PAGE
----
The African LMA
In this article, we take a look at the South African “African LMA” documentation and give a very basic overview how it differs from the London primary market documents. With huge South African deals in the renewables space set to close imminently, we thought now would be a good time to take a look at the documents, nine months after their launch. Further, detailed advice is of course available from the Trinity finance team.
What is the LMA?
The LMA, or the Loan Market Association was created in 1996 and is based in London. It develops best practice and standard loan documentation in both primary and secondary loan markets.
What is the African LMA?
The African Loan Market Association (ALMA) is a regional, non-profit trade association dedicated to supporting and growing the syndicated loan market in Africa and was launched in late September 2011. It is subscription-based service open to any institution with an interest in syndicated financing in Africa. It is based in Johannesburg. Loan documents for the Kenyan and Nigerian markets are currently in development.
What are the key differences with the English law and South African law documents?
We have broken down the key changes into categories: costs; commercial differences; and South Africa-specific differences.
The African LMA, in its non-negotiated form, takes a firmer stance on costs than typical in English law LMA-based loan agreements. In particular, break costs in the South African market – commonly known as “recovery-type” breakage costs – are drafted wider than typically seen outside of South Africa. We would also note that the concept of “Mandatory Costs” in the English law LMA is of course absent – given the South African Reserve Bank’s stricter liquidity requirements, this is often included in the definition of Margin. Finally, increased costs includes a reduction in the rate of return on capital brought about by more capital being required to be allocated by a Finance Party. Borrowers are likely to resist this but given the Basel III framework is still in progress, this gives Lenders mider protections which they would be unwise to give up.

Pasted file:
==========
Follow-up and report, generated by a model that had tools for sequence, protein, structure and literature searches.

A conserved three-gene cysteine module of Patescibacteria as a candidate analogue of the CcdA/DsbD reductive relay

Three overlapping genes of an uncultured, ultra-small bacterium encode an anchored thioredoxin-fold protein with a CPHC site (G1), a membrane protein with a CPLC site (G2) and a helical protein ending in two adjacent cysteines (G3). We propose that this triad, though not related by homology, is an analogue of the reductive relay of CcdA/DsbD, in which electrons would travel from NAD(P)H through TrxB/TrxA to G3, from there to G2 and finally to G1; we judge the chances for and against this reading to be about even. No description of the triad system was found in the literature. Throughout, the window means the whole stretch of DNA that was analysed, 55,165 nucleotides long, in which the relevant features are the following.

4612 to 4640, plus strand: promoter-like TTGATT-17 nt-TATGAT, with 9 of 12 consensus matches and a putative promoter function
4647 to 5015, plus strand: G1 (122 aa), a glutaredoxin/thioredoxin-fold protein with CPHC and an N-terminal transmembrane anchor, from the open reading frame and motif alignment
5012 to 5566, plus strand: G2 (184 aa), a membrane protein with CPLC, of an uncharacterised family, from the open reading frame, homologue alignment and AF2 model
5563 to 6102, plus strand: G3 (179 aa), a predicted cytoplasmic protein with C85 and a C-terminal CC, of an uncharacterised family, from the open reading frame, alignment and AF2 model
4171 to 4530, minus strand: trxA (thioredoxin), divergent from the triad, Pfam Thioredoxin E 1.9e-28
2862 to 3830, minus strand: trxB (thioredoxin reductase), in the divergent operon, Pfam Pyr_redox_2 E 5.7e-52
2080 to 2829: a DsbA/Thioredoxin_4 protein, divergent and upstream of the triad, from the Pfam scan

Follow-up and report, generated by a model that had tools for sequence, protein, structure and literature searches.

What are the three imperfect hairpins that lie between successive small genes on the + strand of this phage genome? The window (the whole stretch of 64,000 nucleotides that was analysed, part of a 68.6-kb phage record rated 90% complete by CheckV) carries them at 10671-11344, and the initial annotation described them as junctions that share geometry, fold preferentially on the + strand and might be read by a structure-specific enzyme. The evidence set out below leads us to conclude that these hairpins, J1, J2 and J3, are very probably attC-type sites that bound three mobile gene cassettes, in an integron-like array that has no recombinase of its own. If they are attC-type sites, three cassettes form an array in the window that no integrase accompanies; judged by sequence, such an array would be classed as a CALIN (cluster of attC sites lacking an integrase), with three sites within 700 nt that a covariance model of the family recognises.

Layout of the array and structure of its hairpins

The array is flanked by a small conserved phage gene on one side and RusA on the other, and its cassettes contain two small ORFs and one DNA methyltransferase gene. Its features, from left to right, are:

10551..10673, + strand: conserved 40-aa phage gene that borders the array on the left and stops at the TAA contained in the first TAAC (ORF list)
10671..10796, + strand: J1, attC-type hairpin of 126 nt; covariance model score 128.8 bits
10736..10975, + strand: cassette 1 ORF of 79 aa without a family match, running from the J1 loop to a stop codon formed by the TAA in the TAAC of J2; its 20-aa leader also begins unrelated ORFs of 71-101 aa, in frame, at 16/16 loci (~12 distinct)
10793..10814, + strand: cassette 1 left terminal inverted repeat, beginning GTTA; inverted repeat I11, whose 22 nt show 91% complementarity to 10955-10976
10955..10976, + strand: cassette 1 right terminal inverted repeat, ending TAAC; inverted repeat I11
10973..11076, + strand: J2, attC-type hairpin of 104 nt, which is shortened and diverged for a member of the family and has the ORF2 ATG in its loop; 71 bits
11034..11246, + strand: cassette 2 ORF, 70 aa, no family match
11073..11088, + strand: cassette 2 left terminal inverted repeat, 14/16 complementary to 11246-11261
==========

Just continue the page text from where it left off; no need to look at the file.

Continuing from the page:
– Commercial Changes
The ALMA loan agreements hold stricter information requirements (in terms of indemnities, representations and covenants) than under the English LMA documents. In addition, amendments due to change in law are expressly a cost to be borne by the Borrower. The ALMA documents also contain definitions of MAE and “control” – which are usually negotiated on a case-by-case basis, at least in project finance. The non-negotiated definitions are, on the whole, Lender-friendly.
The ALMA document contains drafted representations in respect of insolvency, breach of laws, sovereign immunity and environmental warranties. These are often included in any case in corporate or project financings; however their inclusion in the standard drafts are an indication of the types of things South African lenders are concerned with.
The ALMA document contains stricter provisions in terms of the negative pledge and environmental undertakings. In addition, and something that we at Trinity advise Lenders to consider carefully, is the addition of sanctions language as standard.
– Events of Default
The events of default under ALMA would be familiar to any practitioner in any loan market. Interestingly, cessation of business and any qualification in any audit are also included as Events of Default – which are not necessarily standard in corporate financings under a negotiated English LMA-based loan agreement.
– South Africa-specific changes
Finally, the African LMA contains several South Africa-specific features, including references to JIBAR, amendments to the definitions of Quotation Date/Reference Banks/Screen Rate, South African-law specific governing law and transfer provisions and South African law gross up provisions.
– A new paradigm?
Whilst the ALMA documents are easily recognisable and familiar to practitioners and Lenders outside of the African market, the built-in changes clearly reflect the concerns (e.g. in relation to KYC, costs, Borrower sophistication) of South African lenders in the emerging economies of sub-Saharan Africa.
It would appear that the precedent form is not currently widely used, though our own view is that is likely to change. Clients have noted that many of the provisions (break costs, sanctions etc.) are simply reflective of what they always included in English-law LMA documents.
What will be interesting is to see how the Kenyan and Nigerian models differ. What is not in doubt however, is that moving towards standardised documentation will ultimately lead to lower costs for Lenders and Borrowers alike with negotiation times reduced and legal uncertainties ironed out.
Kaushik Ray, Senior Associate, Trinity International LLP